We thank Dr Iannaccone for his interest and comments on our article, and for highlighting a number of issues, including the features of patients with extremely mild phenotypes affected by autosomal DOA1 and the diagnostic dilemmas that these patients raise.
In our recent article,2 we included 3 (3.4%) of 87 patients who had been unaware that they might be affected by DOA, despite a positive family history. In addition, we also found that 12 (14%) of 87 patients had visual acuities of 20/40 or better. Although the number of patients in each age group in Table 1 of our article2(p353) is not statistically significant, the patients with good visual acuity were roughly evenly distributed across the age spectrum. We were also able to show that 2 patients had been assessed as having normal optic discs, but were subsequently confirmed as having DOA. The condition was initially suspected in these patients when, on genetic analysis, it was found that they carried the disease-associated haplotype with polymorphic microsatellite markers from the region of chromosome 3q28-qter associated with the disease gene OPA1,3 and when subtle psychophysical abnormalities were found.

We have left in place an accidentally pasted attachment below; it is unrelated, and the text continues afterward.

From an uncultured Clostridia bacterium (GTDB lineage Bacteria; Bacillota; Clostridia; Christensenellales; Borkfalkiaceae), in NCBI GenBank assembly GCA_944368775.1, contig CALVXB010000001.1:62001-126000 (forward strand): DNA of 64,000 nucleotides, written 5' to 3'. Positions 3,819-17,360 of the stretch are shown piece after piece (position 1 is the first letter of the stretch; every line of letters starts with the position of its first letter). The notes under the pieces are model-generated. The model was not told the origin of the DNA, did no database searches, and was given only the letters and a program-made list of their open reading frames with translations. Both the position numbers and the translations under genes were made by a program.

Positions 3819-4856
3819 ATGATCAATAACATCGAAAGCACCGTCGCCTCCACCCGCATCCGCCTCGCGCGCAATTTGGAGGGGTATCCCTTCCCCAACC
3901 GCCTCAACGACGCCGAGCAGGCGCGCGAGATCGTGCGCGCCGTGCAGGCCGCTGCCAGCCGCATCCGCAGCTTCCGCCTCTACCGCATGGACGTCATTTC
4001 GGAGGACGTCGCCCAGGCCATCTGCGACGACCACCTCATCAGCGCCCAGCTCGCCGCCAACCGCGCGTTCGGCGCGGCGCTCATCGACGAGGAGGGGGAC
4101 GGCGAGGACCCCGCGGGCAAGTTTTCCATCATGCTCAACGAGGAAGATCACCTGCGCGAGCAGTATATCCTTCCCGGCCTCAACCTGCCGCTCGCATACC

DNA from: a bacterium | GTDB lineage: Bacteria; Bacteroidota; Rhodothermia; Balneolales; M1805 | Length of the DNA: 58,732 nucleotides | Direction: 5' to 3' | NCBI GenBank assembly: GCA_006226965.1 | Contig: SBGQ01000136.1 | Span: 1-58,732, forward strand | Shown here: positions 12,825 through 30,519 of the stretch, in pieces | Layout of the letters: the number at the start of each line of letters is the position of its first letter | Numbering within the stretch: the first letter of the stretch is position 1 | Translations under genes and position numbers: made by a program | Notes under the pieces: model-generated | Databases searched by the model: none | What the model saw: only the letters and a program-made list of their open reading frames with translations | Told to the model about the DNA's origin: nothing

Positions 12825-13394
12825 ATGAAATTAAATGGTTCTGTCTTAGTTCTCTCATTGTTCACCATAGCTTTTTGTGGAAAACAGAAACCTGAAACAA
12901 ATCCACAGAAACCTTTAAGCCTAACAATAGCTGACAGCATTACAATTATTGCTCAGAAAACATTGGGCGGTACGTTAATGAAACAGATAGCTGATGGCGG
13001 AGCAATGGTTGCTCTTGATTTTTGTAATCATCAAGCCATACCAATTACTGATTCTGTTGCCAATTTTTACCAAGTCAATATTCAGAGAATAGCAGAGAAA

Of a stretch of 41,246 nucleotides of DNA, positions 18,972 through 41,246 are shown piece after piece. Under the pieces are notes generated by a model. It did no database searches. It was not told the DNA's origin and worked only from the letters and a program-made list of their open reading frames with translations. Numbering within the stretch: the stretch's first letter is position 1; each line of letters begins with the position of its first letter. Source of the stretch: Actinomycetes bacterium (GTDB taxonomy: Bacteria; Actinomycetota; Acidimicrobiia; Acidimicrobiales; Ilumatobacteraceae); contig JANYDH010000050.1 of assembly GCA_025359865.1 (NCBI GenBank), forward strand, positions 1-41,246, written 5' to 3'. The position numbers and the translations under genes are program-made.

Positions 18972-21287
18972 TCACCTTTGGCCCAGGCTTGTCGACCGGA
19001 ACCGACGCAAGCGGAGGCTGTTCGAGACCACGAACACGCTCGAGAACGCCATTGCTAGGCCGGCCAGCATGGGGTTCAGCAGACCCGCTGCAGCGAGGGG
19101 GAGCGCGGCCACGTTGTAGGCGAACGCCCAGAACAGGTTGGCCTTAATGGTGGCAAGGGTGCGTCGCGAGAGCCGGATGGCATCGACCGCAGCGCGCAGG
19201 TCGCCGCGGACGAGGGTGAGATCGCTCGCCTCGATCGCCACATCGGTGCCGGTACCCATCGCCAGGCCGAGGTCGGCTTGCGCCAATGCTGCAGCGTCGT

Votruba M. Clinical and Functional Features of Patients With Dominant Optic Atrophy. Arch Ophthalmol. 1999;117(2):287–288. doi:https://doi.org/
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